White Paper reflections - European Union

Published: 26 November 2013

by Stephen Tierney, ESRC Fellow, University of Edinburgh

An Independent Scotland and the European Union

According to the White Paper an independent Scotland would seek to join the European Union, with negotiations ideally concluding by Independence Day 24 March 2016, resulting in a seamless transition from membership as part of the UK to membership as an independent state. The process of achieving membership has been a thorny one for the Scottish Government and it is revisited in the White Paper. It seems to be conceded by the Scottish Government that Scotland would need to apply for new membership, but it is claimed this process would not need the formal, lengthy and difficult accession process used by states joining from outside the Union (Treaty of European Union Article 49). It accepts that it would be for the Council of the European Union (meaning in effect its Member States), together with the European Parliament, to determine most appropriate procedure, but in addition, the White Paper does suggest a simplified route to membership through Article 48 of the EU Treaty. This would allow Scotland to join the EU by way merely of a Treaty amendment. This would still need the assent of the governments of Member States but would seem to be easier than the more formal membership route through Article 49.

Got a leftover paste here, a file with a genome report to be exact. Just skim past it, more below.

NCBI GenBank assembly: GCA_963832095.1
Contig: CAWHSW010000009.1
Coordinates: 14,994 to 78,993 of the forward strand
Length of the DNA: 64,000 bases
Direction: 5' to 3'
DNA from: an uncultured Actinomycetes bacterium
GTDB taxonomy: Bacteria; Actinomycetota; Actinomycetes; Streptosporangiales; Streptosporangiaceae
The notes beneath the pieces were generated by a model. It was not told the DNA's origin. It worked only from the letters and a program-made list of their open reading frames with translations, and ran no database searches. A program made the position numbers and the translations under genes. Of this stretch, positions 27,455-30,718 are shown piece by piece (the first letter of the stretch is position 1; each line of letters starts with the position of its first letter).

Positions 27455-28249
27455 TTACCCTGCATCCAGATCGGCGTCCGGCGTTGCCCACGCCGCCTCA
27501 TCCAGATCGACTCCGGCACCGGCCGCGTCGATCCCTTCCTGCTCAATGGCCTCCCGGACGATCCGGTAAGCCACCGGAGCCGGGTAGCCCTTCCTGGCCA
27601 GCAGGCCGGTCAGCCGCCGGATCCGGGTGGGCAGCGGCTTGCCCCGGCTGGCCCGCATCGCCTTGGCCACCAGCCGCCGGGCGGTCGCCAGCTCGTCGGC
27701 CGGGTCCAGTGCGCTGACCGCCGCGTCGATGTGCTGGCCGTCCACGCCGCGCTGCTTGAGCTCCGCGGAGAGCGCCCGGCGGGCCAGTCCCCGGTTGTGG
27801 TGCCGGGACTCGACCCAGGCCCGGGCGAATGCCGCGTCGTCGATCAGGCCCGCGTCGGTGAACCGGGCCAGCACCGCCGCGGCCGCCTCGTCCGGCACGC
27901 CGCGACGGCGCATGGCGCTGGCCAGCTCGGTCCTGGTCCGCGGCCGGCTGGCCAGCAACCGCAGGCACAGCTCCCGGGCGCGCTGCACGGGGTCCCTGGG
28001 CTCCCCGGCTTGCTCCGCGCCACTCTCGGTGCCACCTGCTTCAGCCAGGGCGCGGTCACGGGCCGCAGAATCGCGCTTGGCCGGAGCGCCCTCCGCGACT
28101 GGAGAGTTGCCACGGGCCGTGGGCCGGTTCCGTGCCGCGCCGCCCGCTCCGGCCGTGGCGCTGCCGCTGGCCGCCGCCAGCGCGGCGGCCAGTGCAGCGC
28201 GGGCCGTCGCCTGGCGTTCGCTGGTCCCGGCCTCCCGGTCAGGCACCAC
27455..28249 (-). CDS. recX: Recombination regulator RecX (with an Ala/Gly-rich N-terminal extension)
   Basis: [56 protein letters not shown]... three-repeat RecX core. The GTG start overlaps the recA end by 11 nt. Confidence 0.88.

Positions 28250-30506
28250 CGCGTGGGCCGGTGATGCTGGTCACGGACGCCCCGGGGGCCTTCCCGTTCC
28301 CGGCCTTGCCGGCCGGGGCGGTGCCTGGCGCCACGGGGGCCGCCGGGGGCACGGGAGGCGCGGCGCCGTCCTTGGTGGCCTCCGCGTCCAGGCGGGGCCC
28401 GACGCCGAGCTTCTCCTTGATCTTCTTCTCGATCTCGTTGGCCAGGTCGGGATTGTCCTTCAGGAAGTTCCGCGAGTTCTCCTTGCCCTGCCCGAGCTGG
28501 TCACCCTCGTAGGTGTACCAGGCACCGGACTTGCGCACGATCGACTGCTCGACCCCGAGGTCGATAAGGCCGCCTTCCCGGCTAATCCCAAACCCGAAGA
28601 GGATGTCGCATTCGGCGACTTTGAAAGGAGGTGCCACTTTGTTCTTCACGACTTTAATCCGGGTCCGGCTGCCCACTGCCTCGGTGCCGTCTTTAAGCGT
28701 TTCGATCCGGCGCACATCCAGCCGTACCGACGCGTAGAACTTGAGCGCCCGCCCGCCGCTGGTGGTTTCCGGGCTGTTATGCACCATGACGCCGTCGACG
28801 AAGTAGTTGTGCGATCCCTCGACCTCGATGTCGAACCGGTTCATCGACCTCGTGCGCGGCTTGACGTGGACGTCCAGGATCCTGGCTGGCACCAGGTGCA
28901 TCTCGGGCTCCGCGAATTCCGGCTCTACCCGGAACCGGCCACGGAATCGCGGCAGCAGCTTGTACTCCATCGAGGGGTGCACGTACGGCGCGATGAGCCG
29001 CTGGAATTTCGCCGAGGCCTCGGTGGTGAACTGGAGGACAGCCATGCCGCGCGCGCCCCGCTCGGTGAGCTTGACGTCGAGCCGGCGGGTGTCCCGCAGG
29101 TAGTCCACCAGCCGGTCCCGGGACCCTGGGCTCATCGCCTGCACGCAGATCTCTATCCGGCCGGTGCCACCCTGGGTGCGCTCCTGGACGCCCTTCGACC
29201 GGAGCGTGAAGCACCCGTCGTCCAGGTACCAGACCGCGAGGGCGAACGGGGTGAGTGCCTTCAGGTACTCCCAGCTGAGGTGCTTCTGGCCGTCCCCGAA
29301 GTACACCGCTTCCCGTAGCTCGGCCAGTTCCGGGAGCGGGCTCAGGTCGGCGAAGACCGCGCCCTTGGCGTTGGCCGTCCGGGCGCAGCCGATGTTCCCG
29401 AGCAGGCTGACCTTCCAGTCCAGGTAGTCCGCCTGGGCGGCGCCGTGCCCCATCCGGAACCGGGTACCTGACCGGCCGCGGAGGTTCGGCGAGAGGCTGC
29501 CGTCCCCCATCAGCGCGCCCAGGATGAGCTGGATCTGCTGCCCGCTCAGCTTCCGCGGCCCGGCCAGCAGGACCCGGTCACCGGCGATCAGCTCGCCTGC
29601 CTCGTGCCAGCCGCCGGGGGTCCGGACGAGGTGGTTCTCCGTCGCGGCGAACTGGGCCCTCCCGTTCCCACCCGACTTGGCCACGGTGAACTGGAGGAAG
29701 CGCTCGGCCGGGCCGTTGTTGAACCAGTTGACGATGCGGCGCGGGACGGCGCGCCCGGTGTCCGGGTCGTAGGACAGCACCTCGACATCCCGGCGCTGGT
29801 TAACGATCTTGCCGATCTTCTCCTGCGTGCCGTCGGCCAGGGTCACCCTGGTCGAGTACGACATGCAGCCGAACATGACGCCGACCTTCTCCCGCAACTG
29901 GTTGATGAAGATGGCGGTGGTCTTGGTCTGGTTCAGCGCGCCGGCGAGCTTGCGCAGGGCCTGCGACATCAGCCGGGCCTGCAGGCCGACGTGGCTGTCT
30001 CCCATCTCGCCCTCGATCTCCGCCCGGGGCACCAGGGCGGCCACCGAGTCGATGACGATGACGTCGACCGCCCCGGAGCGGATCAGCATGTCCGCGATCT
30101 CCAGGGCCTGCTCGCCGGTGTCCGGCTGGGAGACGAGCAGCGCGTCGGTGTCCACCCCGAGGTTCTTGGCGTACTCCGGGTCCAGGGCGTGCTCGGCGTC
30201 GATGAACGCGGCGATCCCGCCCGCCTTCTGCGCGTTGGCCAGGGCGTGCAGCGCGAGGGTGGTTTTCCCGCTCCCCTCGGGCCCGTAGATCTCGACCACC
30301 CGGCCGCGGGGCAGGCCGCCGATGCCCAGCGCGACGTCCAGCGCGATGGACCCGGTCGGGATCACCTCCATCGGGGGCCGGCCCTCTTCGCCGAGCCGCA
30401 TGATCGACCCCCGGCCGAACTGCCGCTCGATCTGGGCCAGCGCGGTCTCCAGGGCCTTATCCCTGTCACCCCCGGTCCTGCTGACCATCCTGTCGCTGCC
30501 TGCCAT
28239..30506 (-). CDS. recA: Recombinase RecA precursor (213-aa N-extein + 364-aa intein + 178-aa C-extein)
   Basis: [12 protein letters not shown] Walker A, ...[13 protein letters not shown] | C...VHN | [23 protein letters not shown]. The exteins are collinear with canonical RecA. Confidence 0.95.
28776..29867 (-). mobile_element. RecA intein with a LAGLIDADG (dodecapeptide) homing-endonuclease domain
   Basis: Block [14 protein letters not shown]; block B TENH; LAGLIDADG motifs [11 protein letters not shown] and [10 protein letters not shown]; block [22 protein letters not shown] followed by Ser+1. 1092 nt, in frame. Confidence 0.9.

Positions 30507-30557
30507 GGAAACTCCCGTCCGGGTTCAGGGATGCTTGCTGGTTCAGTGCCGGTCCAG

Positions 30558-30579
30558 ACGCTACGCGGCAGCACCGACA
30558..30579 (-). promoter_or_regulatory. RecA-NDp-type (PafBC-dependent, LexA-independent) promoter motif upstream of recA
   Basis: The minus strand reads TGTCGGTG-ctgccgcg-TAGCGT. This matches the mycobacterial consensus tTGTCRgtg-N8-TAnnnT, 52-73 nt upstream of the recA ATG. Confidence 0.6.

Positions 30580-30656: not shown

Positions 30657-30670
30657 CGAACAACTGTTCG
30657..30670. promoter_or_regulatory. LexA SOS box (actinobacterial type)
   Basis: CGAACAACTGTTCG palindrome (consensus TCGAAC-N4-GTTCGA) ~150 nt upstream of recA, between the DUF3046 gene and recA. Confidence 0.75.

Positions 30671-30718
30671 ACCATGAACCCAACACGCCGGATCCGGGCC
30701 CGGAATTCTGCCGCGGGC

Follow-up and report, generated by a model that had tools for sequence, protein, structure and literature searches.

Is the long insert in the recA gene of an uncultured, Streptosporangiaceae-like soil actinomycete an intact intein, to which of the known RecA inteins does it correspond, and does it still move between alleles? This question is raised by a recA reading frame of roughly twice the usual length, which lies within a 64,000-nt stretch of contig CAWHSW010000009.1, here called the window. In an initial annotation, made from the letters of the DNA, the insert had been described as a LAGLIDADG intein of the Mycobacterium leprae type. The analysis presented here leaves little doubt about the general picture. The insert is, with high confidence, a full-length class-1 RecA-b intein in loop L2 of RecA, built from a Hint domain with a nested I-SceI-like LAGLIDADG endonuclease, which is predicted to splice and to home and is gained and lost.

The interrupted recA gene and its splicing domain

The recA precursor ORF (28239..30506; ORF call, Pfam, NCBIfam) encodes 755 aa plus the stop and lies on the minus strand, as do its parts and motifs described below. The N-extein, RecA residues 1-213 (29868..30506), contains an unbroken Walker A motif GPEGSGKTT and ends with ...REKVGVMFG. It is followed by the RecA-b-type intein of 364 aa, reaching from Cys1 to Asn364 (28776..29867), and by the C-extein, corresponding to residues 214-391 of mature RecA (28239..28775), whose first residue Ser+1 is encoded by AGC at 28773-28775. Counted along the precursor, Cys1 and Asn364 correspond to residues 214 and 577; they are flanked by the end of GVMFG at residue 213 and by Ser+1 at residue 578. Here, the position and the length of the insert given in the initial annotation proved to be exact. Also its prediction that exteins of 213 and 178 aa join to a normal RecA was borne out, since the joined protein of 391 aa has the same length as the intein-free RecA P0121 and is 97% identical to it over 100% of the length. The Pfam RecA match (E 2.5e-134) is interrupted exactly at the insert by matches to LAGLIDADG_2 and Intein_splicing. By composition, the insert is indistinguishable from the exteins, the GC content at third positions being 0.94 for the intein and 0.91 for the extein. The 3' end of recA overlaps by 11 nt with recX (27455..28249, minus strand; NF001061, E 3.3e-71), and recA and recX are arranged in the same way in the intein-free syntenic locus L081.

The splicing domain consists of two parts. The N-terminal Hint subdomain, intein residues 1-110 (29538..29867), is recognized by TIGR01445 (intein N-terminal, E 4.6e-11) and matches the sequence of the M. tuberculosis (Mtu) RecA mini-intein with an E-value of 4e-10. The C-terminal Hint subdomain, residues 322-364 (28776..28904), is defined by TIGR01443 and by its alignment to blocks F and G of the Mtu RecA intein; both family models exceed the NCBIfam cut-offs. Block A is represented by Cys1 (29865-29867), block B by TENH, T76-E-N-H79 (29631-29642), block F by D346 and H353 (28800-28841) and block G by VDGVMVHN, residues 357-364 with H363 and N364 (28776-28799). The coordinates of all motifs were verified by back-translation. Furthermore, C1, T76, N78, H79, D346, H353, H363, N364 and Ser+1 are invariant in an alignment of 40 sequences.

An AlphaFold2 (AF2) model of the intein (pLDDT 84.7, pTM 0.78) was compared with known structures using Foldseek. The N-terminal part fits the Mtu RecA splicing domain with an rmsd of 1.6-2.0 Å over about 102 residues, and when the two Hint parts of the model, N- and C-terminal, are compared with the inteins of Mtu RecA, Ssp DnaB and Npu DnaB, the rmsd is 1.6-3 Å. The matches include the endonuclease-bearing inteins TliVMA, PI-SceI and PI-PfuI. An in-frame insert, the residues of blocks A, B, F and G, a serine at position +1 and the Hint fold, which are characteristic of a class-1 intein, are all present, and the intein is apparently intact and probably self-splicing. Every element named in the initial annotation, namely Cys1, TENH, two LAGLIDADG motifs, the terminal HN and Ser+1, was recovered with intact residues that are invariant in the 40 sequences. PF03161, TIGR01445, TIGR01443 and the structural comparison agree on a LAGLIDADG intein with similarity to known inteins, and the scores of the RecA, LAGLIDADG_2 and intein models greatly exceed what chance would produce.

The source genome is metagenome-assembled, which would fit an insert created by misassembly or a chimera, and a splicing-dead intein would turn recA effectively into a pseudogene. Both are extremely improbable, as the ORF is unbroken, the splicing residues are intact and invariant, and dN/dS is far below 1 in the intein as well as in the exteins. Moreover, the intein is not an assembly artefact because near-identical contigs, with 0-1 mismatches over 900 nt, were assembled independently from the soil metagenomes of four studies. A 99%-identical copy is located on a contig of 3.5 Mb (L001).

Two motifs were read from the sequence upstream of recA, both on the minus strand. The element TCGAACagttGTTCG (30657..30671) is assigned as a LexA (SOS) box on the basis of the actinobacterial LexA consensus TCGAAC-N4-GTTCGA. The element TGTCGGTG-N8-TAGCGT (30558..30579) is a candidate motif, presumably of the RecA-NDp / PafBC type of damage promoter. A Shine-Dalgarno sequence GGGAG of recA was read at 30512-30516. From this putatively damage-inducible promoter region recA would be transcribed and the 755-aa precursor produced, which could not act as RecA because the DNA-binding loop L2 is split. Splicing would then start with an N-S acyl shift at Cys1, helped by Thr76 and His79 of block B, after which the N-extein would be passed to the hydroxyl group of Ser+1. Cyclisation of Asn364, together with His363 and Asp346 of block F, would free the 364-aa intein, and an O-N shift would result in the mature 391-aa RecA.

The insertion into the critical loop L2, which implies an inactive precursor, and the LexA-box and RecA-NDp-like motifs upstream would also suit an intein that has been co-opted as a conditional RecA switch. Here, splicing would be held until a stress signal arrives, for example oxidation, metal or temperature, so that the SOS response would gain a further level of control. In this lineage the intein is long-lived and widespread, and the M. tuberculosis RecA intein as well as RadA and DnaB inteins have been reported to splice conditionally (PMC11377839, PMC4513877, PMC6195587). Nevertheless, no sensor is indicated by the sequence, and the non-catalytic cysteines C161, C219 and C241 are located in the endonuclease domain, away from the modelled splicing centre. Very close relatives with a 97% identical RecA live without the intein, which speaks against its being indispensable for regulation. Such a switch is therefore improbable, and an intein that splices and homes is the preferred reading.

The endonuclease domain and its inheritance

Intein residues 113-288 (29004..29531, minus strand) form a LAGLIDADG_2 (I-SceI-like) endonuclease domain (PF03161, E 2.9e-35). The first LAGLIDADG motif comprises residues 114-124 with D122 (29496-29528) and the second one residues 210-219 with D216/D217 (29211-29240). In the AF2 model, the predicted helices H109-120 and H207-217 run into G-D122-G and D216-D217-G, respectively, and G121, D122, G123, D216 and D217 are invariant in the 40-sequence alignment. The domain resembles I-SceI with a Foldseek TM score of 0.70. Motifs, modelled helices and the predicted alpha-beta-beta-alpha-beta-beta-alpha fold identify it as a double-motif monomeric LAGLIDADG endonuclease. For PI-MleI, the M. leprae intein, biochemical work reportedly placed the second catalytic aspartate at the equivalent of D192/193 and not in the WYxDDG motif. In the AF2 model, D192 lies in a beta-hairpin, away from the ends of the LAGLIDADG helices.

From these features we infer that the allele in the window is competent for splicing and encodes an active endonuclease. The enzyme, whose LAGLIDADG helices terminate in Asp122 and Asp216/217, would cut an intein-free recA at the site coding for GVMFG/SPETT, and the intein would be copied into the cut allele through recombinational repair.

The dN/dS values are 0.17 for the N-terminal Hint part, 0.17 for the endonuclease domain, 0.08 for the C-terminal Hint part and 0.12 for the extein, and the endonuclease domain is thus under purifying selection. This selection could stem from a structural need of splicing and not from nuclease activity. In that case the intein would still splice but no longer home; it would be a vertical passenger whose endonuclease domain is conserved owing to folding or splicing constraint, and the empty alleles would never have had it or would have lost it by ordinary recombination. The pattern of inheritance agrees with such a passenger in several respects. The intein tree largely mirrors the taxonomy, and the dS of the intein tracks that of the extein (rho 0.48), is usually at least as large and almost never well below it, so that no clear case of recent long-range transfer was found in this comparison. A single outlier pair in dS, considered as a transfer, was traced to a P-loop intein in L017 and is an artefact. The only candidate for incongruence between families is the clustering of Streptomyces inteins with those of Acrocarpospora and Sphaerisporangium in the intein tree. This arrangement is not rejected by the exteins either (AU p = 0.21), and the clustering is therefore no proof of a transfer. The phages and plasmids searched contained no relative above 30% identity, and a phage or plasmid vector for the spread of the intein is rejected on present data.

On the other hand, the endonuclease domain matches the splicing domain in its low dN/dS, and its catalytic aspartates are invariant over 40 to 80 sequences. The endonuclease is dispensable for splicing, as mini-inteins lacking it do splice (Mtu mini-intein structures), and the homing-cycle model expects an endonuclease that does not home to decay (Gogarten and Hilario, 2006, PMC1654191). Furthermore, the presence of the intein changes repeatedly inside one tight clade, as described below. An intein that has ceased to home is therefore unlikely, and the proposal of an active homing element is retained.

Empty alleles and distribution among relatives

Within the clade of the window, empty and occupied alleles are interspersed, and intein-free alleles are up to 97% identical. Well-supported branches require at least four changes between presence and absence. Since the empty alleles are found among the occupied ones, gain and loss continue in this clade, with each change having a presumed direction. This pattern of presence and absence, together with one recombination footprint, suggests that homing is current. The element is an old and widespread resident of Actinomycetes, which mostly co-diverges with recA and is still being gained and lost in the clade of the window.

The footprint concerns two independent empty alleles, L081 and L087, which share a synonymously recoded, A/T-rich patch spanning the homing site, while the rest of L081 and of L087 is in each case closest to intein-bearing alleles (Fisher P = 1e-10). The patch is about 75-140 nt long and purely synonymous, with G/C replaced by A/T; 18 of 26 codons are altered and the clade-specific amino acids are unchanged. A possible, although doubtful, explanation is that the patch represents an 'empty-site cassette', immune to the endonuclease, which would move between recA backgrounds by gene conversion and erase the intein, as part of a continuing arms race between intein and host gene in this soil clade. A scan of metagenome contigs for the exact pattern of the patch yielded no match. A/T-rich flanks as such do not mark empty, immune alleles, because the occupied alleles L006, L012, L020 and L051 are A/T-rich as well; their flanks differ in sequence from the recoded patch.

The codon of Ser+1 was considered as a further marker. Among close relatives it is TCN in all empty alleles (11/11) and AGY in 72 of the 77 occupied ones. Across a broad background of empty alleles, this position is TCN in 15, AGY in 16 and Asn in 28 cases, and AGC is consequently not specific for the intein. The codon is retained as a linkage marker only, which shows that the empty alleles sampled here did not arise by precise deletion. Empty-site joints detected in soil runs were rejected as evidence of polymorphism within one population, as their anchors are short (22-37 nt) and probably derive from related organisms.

The White Paper also discusses opt outs. It is proposed that the division of the UK rebate until 2020 is a matter between UK and Scottish Governments and does not need to be reopened at EU level; this may well be open to question. Scotland will remain within the UK Sterling zone through a currency union. It does not at present qualify for, and in any case there is no appetite to join, the Eurozone. An independent Scotland will not apply for membership of the Schengen Area but will seek to remain a part the Common Travel Area, entering into negotiations with the UK and Irish Governments on common standards across the CTA. Finally, the Scottish Government will, in negotiations, seek to retain current option to opt-in to Justice and Home Affairs.

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